Spring in Ottawa is a fleeting experience. Too soon, the cold of winter melts into the heat and humidity of summer, leaving a few short weeks of warming days and cooler nights.
The Springs of my Nova Scotian childhood were longer, damper, and a gently unfolding discovery of emerging bulbs, new leaves, violets and a hidden world slowly coming back to life.
Spring, in my mind, has a scent — wet mud with a tinge of cut grass wafting on a warm, salted breeze.
The aroma of Spring holds a high note of violets and lilac blossoms, and a bottom note of farmer’s fields.
Spring in Ottawa smells like this, too, for about a week.
It’s sandwiched between the “melting stage” (dog poo, vehicle exhaust, and skating rink) and the “cook an egg on the sidewalk” stage (chip truck, hot parking lot, splash pad chlorine).
In my opinion, Spring should ease you into Summer — like ripples on a pond reaching out to the shore — not catapult you into tank tops, shorts, and sunscreen in a matter of days.
The nice thing about the earlier onslaught of summer, though, is an earlier and longer growing season.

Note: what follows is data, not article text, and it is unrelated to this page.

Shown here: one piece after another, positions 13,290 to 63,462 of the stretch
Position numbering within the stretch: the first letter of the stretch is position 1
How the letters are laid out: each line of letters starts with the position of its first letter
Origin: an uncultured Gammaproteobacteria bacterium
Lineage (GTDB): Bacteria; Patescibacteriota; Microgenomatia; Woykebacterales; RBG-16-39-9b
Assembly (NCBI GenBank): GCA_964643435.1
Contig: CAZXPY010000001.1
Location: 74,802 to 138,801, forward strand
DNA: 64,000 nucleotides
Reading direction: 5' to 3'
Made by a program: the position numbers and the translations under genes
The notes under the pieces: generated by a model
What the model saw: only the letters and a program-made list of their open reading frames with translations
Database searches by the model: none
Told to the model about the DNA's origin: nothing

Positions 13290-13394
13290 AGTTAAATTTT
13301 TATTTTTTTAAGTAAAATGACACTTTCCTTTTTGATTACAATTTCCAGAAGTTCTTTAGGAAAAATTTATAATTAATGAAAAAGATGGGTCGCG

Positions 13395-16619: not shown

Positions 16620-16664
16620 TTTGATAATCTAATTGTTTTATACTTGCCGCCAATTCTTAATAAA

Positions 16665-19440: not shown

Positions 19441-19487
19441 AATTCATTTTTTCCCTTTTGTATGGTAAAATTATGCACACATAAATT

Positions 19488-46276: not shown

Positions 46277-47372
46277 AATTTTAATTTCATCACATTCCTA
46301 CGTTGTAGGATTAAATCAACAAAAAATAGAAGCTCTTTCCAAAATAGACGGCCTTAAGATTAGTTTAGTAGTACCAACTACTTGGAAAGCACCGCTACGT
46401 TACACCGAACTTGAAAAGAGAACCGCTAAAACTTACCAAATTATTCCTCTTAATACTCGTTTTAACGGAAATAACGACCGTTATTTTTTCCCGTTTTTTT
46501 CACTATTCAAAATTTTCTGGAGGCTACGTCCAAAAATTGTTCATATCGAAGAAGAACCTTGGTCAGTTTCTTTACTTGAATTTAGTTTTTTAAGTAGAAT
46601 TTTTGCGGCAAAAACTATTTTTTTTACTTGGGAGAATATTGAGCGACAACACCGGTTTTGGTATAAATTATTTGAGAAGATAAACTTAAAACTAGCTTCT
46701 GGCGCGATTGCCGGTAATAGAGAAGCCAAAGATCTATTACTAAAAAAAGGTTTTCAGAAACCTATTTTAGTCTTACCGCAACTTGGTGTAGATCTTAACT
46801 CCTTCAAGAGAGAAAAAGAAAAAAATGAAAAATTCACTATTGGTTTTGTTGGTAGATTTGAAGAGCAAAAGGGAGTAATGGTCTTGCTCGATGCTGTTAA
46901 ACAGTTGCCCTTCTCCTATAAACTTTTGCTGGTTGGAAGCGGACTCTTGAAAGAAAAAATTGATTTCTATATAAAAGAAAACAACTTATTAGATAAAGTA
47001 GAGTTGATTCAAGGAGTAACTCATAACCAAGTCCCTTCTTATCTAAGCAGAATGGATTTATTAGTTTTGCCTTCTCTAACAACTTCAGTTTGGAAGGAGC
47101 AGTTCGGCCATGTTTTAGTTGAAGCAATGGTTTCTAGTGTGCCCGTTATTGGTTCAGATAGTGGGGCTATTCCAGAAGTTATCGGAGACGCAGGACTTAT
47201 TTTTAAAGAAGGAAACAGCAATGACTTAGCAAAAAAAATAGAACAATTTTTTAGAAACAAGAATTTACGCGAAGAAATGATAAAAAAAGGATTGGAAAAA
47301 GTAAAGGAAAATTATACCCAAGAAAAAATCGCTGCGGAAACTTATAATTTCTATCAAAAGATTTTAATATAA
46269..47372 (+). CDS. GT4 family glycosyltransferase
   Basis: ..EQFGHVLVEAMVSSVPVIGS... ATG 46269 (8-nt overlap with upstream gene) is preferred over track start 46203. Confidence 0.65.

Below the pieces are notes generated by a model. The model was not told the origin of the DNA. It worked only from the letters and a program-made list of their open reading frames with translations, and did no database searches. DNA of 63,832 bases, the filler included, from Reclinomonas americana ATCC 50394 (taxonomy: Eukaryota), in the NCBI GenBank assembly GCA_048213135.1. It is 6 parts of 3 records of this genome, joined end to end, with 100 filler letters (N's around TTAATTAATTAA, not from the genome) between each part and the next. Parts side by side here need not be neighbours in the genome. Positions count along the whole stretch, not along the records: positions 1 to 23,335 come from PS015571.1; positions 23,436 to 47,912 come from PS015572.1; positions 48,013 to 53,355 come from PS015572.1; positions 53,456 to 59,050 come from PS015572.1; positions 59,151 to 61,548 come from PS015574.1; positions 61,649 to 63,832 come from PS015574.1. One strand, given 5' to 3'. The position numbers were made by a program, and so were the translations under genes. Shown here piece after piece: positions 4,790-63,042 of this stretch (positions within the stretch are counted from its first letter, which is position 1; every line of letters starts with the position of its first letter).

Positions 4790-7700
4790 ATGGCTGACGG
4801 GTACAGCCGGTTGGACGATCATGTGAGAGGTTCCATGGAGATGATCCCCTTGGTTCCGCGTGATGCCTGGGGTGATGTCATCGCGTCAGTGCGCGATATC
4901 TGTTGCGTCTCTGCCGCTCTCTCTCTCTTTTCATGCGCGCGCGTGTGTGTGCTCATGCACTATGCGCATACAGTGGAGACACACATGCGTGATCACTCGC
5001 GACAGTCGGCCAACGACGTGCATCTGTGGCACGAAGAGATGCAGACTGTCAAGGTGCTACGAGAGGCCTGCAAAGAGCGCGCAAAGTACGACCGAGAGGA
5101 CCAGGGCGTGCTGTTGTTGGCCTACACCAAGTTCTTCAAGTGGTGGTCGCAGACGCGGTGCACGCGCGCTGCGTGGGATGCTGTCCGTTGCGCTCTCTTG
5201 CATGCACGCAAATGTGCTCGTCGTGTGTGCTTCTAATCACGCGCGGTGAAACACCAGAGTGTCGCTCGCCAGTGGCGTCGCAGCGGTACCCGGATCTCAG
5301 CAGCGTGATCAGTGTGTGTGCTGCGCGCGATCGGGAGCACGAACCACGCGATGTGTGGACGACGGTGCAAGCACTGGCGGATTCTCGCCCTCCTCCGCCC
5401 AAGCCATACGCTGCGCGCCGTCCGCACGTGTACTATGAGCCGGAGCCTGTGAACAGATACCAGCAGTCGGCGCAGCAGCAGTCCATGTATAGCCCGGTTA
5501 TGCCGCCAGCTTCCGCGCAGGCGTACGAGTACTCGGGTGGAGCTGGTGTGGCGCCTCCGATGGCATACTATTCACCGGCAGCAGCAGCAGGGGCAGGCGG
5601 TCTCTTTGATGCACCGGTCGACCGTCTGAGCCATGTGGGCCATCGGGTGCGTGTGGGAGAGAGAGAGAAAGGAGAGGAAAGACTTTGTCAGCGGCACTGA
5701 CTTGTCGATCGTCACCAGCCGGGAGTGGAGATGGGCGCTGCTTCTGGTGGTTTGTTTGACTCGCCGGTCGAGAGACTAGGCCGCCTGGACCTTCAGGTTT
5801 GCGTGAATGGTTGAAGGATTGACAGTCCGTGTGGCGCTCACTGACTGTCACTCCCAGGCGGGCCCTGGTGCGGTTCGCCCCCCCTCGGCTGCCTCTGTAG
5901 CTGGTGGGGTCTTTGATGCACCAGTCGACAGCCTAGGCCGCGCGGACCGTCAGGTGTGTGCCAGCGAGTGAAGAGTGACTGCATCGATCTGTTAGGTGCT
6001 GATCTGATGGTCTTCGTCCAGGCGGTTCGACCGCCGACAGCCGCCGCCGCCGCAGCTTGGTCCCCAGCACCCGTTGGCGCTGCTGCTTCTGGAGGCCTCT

This year, we’re growing more than potted herbs for the first time in a long time. Half of the pots are for us, the other half are being grown for our local food bank. Pots are nice because I can move them to the sun or shade, as needed. We have turned the top of our driveway into an impromptu patio for just this purpose.
Giving back is easy and only takes a little bit of my time to water and tend (and chase away the squirrels).
I think it would be nice if the City would covert the sidewalk planters over to vegetables and switch to using fruit-bearing shrubs and trees in urban landscaping — rhubarb instead of hostas, currants and saskatoon berries instead of ninebark and Japanese lilacs! I would like to see fruit bushes in the local play parks to encourage kids to get up close with their food.